CATLETTSBURG, Ky. -- While the Affordable Care Act has brought health coverage to millions of Americans, the effects have been profound, even lifesaving, for some of those caught up in the nation’s opioid-addiction crisis.
In Kentucky, which has been ravaged worse than almost any other state by fentanyl, heroin and other drugs, Tyler Witten went into rehab at Medicaid’s expense after the state expanded the program under a provision of the act. Until then, he had been addicted to painkillers for more than a decade.
“It saved my life,” he said.
Addicts and mentally ill people who gained access to treatment programs for the first time are worried about how that might change as President Donald Trump and Republicans in Congress try to make good on their promise to repeal and replace “Obamacare.”
Repeal could end coverage for 1.8 million people who have undergone addiction or mental health treatment and could cut $5.5 billion in spending on such services, said Richard Frank, a health economist at Harvard Medical School.
Some GOP governors insist addicts have nothing to fear from repeal because, they say, Medicaid will continue to pay for treatment. But Democrats and others are dubious.
Currently the federal government covers a certain percentage of each state’s Medicaid costs, however high they might go. As part of the plan to junk Obamacare, the Trump administration has expressed support instead for giving states a fixed amount of money for Medicaid and letting them design their own programs.
But Raymond Castro, senior policy analyst for New Jersey Policy Perspective, a left-leaning think tank, said these block grants are likely to come with less money. And that could force states to cut benefits.
Republican New Jersey Gov. Chris Christie, who has made the opioid crisis his top priority in his final year in office, said he would support a shift to block grants because of the flexibility they give states. But he said the people receiving treatment through the Medicaid expansion now shouldn’t be forgotten.
“Whatever changes are made to the ACA should be made with those people in mind, because we don’t help ourselves by kicking those people off coverage,” Christie said.
In areas overwhelmed by the opioid crisis, the uncertainty is worrisome to people receiving treatment.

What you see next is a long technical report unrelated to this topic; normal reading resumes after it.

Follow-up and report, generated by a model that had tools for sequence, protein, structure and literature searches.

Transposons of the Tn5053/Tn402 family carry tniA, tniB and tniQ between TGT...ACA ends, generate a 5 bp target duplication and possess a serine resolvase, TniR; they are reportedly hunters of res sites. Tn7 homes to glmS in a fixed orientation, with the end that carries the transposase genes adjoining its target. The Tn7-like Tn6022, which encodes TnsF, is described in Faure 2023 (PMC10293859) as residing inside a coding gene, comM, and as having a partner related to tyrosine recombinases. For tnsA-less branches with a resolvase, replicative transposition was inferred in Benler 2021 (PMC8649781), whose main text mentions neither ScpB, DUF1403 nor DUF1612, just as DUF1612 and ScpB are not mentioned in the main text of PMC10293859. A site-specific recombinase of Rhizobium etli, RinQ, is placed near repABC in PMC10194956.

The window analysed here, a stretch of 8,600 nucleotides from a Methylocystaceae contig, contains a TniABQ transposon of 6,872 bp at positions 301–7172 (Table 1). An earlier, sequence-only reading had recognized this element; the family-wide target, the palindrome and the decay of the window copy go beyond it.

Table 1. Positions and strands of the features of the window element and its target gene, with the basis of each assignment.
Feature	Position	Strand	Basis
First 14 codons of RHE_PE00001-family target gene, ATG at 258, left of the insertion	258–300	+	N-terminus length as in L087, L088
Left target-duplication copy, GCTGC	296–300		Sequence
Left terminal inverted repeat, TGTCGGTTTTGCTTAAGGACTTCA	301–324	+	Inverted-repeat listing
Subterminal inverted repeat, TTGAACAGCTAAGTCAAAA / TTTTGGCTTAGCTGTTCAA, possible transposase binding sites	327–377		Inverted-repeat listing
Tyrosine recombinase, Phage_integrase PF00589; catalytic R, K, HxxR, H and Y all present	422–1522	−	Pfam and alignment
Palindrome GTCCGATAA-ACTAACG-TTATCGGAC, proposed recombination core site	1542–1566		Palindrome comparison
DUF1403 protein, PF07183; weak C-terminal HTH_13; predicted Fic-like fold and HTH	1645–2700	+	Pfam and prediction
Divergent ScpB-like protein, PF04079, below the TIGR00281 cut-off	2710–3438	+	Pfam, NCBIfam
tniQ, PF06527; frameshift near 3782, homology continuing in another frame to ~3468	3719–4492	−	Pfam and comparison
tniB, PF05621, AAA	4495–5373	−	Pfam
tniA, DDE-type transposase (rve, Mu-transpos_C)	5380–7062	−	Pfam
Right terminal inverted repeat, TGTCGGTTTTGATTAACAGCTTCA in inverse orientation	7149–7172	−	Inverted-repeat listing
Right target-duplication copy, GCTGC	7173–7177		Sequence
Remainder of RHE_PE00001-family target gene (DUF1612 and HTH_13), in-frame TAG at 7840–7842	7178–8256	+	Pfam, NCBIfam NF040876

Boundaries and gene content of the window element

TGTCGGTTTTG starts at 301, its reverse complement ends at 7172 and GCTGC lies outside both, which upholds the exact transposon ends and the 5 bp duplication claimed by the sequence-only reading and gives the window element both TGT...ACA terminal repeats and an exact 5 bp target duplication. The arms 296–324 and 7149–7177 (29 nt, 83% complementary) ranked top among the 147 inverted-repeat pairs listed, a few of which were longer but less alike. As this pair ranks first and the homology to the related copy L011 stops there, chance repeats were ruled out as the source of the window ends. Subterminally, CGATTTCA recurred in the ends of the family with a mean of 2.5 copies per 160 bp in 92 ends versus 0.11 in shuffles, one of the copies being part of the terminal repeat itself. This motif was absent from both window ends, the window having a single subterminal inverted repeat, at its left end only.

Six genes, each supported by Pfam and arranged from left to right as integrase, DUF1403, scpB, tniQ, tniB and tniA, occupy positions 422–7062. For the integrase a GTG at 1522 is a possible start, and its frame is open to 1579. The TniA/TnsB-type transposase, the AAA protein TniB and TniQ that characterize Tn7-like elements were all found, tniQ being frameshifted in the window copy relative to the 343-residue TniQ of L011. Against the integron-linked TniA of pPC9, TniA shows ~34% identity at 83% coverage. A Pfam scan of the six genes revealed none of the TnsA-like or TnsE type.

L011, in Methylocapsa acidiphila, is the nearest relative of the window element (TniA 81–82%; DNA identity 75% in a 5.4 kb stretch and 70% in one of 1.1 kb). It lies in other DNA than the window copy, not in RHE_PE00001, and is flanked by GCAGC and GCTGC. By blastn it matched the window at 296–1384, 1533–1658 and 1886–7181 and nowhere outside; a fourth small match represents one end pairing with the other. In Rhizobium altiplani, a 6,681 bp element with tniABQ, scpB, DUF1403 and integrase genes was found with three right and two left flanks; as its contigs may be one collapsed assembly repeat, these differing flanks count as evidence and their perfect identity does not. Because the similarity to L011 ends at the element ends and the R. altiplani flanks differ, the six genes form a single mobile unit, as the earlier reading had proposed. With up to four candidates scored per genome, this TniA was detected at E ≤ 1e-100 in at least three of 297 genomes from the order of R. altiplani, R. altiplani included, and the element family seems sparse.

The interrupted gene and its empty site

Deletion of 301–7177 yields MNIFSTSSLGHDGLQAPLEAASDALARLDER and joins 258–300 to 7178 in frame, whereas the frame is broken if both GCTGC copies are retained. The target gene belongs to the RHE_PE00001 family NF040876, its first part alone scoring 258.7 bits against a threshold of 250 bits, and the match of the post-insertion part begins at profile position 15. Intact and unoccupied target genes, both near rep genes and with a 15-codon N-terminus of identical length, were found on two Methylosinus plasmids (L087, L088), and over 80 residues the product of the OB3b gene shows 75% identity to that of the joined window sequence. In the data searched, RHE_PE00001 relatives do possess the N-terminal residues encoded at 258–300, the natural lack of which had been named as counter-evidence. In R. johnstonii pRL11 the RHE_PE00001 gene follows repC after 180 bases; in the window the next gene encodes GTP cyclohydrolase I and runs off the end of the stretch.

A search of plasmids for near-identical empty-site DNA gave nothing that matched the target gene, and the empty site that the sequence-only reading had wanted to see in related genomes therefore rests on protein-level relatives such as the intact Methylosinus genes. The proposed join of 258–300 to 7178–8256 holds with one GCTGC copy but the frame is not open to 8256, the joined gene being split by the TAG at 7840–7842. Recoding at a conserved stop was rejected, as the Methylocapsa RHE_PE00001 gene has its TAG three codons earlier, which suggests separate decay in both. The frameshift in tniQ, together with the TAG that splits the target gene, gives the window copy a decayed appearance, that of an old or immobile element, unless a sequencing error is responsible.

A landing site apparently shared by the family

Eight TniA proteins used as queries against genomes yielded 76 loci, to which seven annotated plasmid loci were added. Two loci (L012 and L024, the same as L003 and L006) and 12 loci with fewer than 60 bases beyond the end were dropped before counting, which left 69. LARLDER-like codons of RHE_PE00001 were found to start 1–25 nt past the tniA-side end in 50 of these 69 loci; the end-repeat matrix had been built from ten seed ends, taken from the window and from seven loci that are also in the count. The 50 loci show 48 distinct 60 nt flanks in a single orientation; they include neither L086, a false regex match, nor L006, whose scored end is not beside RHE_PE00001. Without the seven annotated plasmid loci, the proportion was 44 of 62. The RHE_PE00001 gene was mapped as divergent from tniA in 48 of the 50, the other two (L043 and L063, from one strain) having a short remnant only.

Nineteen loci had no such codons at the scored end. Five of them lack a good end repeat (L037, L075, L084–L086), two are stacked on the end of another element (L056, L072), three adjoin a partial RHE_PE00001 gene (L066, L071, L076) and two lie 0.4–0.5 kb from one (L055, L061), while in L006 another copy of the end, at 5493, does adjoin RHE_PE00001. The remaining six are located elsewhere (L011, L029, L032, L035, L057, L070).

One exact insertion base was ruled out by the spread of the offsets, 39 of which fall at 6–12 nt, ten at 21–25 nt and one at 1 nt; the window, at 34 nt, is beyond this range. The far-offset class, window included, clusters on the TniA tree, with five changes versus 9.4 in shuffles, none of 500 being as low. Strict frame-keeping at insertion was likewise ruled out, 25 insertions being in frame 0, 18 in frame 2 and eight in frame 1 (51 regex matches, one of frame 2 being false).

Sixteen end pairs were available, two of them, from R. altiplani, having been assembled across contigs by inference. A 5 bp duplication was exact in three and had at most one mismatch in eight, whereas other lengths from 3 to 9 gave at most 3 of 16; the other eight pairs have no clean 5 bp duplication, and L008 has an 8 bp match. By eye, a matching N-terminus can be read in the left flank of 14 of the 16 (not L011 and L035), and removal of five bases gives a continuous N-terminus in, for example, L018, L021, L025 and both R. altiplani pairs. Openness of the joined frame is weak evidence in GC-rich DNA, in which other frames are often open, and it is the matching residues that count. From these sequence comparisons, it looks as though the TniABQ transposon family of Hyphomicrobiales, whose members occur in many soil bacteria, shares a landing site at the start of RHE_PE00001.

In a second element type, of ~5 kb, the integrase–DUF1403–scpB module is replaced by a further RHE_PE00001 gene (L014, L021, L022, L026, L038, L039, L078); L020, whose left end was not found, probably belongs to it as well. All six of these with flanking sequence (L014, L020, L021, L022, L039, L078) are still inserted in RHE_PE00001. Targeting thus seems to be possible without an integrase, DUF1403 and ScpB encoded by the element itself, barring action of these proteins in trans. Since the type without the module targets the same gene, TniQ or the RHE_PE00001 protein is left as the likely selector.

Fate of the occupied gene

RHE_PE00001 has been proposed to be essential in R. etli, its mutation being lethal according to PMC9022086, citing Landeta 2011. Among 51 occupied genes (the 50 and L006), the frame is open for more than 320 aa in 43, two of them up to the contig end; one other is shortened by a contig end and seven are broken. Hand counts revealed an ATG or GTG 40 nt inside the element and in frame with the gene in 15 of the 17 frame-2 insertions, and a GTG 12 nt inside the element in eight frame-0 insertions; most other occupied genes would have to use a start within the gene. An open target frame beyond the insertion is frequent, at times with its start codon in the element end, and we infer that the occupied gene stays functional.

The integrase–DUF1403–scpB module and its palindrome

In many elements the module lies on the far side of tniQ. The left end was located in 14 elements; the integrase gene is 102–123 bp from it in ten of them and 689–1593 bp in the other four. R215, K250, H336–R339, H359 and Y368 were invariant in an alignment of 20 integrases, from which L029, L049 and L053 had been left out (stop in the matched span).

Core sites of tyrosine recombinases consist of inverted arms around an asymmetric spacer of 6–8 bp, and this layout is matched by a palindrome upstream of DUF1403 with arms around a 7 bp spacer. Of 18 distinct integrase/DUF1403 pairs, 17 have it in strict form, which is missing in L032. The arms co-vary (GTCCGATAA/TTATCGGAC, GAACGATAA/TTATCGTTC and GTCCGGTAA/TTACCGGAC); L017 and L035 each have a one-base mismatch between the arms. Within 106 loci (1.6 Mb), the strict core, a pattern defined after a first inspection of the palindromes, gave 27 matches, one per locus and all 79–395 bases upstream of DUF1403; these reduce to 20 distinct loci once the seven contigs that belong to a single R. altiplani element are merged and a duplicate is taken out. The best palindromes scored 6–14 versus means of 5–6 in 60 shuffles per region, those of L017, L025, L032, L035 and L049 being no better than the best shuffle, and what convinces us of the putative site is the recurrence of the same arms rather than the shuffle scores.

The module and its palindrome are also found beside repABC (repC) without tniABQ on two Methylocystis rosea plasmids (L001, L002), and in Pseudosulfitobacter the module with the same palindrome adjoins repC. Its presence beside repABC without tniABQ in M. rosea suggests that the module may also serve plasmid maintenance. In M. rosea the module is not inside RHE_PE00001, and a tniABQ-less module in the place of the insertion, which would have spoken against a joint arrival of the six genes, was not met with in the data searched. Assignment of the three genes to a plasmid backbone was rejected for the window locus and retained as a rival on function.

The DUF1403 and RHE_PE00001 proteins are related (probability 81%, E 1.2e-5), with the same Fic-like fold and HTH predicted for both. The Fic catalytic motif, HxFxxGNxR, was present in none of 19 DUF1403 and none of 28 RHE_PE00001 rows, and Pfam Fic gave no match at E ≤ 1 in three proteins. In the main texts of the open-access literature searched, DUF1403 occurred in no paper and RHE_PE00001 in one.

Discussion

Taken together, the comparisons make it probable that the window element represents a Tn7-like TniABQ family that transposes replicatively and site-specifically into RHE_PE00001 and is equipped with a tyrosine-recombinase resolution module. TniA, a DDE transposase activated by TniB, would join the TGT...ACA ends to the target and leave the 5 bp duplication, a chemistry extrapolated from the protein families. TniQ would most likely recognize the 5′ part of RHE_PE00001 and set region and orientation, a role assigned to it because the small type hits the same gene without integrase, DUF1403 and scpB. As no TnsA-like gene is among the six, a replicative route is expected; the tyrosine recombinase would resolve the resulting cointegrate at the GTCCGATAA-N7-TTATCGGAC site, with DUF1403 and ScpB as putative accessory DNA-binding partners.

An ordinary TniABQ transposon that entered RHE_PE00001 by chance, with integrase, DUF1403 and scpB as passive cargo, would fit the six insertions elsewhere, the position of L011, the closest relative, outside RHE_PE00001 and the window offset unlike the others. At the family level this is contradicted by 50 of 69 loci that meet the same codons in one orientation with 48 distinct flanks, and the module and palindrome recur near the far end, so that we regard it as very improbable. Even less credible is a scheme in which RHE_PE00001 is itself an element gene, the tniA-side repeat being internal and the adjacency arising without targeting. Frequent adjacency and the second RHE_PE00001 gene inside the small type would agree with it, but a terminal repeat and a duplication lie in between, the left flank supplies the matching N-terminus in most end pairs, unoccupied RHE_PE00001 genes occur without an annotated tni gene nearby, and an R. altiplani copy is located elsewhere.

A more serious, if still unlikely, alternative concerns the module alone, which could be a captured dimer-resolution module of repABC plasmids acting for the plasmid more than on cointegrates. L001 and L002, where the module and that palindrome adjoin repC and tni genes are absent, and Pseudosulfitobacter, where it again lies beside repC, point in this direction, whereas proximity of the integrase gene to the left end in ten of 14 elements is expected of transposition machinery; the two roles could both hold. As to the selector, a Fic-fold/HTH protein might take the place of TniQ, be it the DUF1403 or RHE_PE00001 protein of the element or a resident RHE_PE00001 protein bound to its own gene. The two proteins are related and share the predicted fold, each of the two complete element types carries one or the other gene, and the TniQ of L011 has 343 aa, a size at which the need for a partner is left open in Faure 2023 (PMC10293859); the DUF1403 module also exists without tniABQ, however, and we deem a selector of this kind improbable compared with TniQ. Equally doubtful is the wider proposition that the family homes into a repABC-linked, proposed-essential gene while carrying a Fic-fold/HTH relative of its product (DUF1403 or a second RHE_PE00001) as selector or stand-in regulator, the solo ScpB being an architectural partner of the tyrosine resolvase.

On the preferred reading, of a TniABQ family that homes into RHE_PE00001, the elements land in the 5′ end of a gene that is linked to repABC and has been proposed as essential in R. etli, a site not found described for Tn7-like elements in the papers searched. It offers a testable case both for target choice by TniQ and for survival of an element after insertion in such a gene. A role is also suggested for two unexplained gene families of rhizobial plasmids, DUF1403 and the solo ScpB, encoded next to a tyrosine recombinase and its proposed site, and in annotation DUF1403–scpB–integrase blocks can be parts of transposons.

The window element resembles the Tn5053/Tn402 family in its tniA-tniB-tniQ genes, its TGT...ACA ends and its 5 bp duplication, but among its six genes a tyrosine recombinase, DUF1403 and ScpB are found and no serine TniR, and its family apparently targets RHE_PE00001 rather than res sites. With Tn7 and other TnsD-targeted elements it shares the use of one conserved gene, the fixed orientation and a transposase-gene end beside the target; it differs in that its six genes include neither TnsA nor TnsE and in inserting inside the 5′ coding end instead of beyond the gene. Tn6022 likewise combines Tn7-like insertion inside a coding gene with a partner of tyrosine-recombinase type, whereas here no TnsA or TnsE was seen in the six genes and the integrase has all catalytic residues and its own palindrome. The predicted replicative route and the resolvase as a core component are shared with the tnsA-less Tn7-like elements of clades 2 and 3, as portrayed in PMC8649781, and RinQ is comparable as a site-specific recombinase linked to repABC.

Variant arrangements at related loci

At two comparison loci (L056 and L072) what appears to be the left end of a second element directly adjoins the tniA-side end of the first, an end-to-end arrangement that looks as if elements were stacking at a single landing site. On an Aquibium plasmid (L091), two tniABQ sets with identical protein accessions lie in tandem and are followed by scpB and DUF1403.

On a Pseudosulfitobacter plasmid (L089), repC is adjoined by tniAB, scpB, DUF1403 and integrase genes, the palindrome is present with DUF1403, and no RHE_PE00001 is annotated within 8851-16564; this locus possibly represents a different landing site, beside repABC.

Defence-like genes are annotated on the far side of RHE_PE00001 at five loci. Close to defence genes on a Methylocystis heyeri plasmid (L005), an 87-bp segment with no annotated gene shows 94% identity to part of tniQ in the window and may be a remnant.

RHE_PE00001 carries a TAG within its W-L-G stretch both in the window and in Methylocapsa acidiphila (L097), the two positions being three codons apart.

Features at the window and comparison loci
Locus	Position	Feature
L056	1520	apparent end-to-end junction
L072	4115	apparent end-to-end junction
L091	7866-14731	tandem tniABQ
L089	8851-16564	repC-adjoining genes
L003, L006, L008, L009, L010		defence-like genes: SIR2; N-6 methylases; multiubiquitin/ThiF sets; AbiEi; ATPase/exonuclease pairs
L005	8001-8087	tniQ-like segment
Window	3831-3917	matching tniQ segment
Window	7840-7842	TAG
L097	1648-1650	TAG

In Pennsylvania, nearly 63,000 newly eligible Medicaid enrollees received drug and alcohol treatment in 2015, the first year of the state’s expansion.
One of them was 44-year-old Pittsburgh restaurant hostess Erika Lindgren, who credits the health care law with quickly getting her into a 26-day rehab program in 2015 and covering the daily medications she takes to fight opioid cravings.
When she was uninsured, getting into rehab involved waiting lists and daily phone calls to see if a publicly funded bed had opened up. With coverage under the Affordable Care Act, “I was able to pack my bag at that moment,” she said. “I was in an in-patient rehab within an hour and a half of making that call.”
“I am scared to death to lose my coverage,” she added. “It saves my life every day.”
In Wildwood, New Jersey, Ashley Grant, a 30-year-old recovering heroin addict who has been sober since June, is hoping to regain custody of her three children. She has signed up for Medicaid under the health law expansion and is waiting to be approved so she can afford weekly counseling. A county program helps pay for a monthly anti-relapse shot.
“They should make it easier for people with addiction to get insurance,” she said.
Care for mental illness, too, expanded under the Affordable Care Act.
Marquitta Nelson, a 60-year-old homeless Chicagoan with severe depression, is getting psychiatric care and treatment for asthma, arthritis and other conditions since she obtained Medicaid coverage under the health law expansion. She is waiting to be assigned to a shelter and staying with a friend.
“Am I expected not to take my medications and wig out and be walking up and down the street, not coherent?” Nelson said.
While the law expanded coverage, it did not always translate into more treatment.
For those buying insurance in the marketplace, many plans still exclude or limit residential treatment and clinics that dispense methadone, which is used to treat addictions to heroin and painkillers. Deductibles for some plans are so high that people still cannot afford help.
Despite those hurdles, the health care law was beginning to shift the system and giving hope to many, said Samuel Ball, chief executive of the nonprofit National Center on Addiction and Substance Abuse in New York.
“At a point where we feel we’re turning a corner, to have the whole rug pulled out from under us is very concerning,” he said.